FETHİYE is the fulcrum of the Turquoise Coast, and a hub of its property industry. It remains, however, a lively market town of 80,000-plus souls, sprawling north along the coastal plain, and the transport and marketing of oranges and tomatoes is still important to its economy. Fethiye occupies the site of ancient Telmessos, and some impressive rock tombs are an easy stroll from the centre. It also makes a convenient base for the nearby beaches of Ölüdeniz and Kıdrak, while a short drive or long walk out of Fethiye brings you to the atmospheric ghost village of Kaya Köyü. Much of the nearby coastline is accessible only by sea, and with the Gulf of Fethiye speckled with twelve islands, one- to four-day boat tours from Fethiye harbour are popular, aiming for secluded coves in which to swim, fish and anchor for the night.
Little is known about the early years of ancient Telmessos, except that the city wasn’t originally part of the Lycian Federation, and, in the fourth century BC, actually resisted it. A Lycian ruler later subdued the Telmessans, and during the Roman imperial era it formed part of the Federation, albeit unique in maintaining good relations with Rhodes.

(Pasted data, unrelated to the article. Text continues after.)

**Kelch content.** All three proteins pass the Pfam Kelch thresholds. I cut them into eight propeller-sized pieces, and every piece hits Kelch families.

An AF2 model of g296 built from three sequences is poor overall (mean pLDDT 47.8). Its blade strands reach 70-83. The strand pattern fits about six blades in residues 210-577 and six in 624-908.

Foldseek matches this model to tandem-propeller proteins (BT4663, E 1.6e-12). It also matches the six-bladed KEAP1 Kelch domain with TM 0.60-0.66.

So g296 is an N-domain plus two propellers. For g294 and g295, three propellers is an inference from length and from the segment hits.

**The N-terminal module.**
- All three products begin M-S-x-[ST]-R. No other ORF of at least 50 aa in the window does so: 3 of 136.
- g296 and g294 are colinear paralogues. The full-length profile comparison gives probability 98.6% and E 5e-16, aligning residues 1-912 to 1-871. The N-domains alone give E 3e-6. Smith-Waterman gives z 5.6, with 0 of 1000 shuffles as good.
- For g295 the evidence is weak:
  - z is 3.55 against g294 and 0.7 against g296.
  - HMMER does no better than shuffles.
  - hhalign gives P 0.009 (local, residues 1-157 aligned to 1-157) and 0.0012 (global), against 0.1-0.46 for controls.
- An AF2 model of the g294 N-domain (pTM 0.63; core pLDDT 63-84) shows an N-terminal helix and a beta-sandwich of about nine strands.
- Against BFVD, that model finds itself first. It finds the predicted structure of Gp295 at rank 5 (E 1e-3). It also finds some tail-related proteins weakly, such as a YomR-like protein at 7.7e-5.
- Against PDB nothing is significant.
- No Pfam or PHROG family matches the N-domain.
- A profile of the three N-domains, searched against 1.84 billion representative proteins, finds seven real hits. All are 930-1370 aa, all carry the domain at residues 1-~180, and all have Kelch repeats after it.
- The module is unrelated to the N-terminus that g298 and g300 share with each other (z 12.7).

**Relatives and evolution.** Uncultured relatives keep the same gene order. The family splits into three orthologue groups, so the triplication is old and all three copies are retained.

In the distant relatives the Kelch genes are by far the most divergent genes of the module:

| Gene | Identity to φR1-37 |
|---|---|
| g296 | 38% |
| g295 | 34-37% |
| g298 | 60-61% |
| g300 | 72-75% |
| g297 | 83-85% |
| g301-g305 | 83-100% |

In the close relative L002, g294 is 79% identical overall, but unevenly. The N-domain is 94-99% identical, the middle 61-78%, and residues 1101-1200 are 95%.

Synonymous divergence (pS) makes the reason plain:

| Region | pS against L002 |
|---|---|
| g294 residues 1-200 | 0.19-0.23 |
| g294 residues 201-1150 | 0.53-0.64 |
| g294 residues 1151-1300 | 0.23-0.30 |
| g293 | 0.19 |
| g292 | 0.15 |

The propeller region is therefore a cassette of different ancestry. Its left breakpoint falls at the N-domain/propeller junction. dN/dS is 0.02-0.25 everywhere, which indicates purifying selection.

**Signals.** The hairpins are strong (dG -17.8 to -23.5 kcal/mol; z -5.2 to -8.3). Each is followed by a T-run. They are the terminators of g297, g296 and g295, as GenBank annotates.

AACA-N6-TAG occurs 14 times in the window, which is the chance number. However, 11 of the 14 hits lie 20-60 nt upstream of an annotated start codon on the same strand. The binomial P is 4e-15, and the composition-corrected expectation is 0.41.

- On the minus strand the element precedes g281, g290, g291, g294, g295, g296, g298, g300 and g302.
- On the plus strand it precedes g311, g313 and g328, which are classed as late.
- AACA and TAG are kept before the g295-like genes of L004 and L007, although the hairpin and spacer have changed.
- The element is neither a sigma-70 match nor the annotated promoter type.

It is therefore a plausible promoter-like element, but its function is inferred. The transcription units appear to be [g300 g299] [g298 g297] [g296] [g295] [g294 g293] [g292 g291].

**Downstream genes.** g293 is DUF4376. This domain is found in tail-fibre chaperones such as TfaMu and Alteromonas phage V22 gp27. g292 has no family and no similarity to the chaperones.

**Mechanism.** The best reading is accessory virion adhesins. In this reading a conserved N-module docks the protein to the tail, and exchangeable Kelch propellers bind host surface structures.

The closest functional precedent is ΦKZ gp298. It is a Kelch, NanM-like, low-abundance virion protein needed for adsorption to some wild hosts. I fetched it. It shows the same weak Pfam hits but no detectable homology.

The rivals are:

During the eighth century, the city’s name was changed to Anastasiopolis in honour of a Byzantine emperor. This became Makri in the following century (Meğri in Turkish). Finally, a thousand years later, and following the expulsion of the predominantly Greek Orthodox population, it was changed once again during the 1930s to Fethiye, in honour of Fethi Bey, a pioneering pilot who was killed during World War I.
That little now remains of the medieval town is largely due to two immense earthquakes, in 1857 and 1957, which toppled most of its buildings; the rubble lies compacted beneath the present quay and shoreline boulevard. Another, lesser quake in the spring of 2012 did little damage, but nonetheless had a significant impact on domestic tourism to the town and its environs.